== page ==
No one, so long as he has it in him to be of service to the state, is kept in political obscurity because of poverty. And, just as our political life is free and open, so is our day-to-day life in our relations with each other. We do not get into a state with our next-door neighbor if he enjoys himself in his own way, nor do we give him the kind of black looks which, though they do no real harm, still do hurt people’s feelings. We are free and tolerant in our private lives; but in public affairs we keep to the law. This is because it commands our deep respect.

 

We give our obedience to those whom we put in positions of authority, and we obey the laws themselves, especially those which are for the protection of the oppressed, and those unwritten laws which it is an acknowledged shame to break. And here is another point. When our work is over, we are in a position to enjoy all kinds of recreation for our spirits. There are various kinds of contests and sacrifices regularly throughout the year; in our own homes we find a beauty and a good taste which delight us every day and which drive away our cares. Then the greatness of our city brings it about that all the good things from all over the world flow in to us, so that to us it seems just a natural to enjoy foreign goods as our own local products . . . .

 

Our love of what is beautiful does not lead to extravagance; our love of the things of the mind does not make us soft. We regard wealth as something to be properly used, rather than as something to boast about. As for poverty, no one need be ashamed to admit it: the real shame is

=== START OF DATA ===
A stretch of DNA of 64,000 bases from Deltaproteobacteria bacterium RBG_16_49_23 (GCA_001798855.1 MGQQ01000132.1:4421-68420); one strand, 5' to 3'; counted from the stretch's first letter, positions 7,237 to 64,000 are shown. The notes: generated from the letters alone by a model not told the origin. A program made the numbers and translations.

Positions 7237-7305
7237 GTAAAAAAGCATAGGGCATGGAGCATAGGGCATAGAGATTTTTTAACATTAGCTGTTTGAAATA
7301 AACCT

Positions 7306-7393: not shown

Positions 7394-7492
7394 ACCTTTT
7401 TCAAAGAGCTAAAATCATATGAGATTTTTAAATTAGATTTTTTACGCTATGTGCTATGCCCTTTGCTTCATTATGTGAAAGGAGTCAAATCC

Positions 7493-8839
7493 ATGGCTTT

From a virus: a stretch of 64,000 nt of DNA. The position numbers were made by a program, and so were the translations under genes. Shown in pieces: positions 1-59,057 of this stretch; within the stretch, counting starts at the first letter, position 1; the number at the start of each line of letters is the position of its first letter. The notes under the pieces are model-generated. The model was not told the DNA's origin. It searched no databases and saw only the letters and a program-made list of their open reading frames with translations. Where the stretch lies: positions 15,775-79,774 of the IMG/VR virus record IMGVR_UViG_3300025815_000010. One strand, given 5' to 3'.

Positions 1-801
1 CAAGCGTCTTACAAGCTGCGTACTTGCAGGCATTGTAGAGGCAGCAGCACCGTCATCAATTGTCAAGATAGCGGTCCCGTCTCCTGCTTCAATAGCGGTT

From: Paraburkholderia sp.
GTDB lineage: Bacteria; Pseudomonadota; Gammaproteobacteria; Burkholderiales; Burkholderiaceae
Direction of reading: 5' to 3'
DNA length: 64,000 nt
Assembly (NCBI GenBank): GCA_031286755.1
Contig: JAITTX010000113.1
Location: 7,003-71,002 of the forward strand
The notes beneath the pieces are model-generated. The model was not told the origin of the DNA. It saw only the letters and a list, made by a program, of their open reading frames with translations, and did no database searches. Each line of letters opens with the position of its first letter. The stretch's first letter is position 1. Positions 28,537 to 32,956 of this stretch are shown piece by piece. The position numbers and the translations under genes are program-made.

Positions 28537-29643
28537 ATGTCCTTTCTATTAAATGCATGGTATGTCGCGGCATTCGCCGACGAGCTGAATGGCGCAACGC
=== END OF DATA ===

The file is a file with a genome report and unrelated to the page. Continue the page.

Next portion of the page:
in not taking practical measures to escape from it. Here each individual is interested not only in his own affairs but in the affairs of the state as well; even those who are mostly occupied with their own business are extremely well informed on general politics—this is a peculiarity of ours: we do not say that a man who takes no interest in politics is a man who minds his own business; we say that he has no business here at all. We Athenians, in our own persons, take our decisions on policy or submit them to proper discussions: for we do not think that there is an incompatibility between words and deeds; the worst thing is to rush into action before the consequences have been properly debated. And this is another point where we differ from other people.

We are capable at the same time of taking risks and of estimating them beforehand. Others are brave out of ignorance; and, when they stop to think, they begin to fear. But the man who can most truly be accounted brave is he who best knows the meaning of what is sweet in life and of what is terrible, and then goes out undeterred to meet what is to come.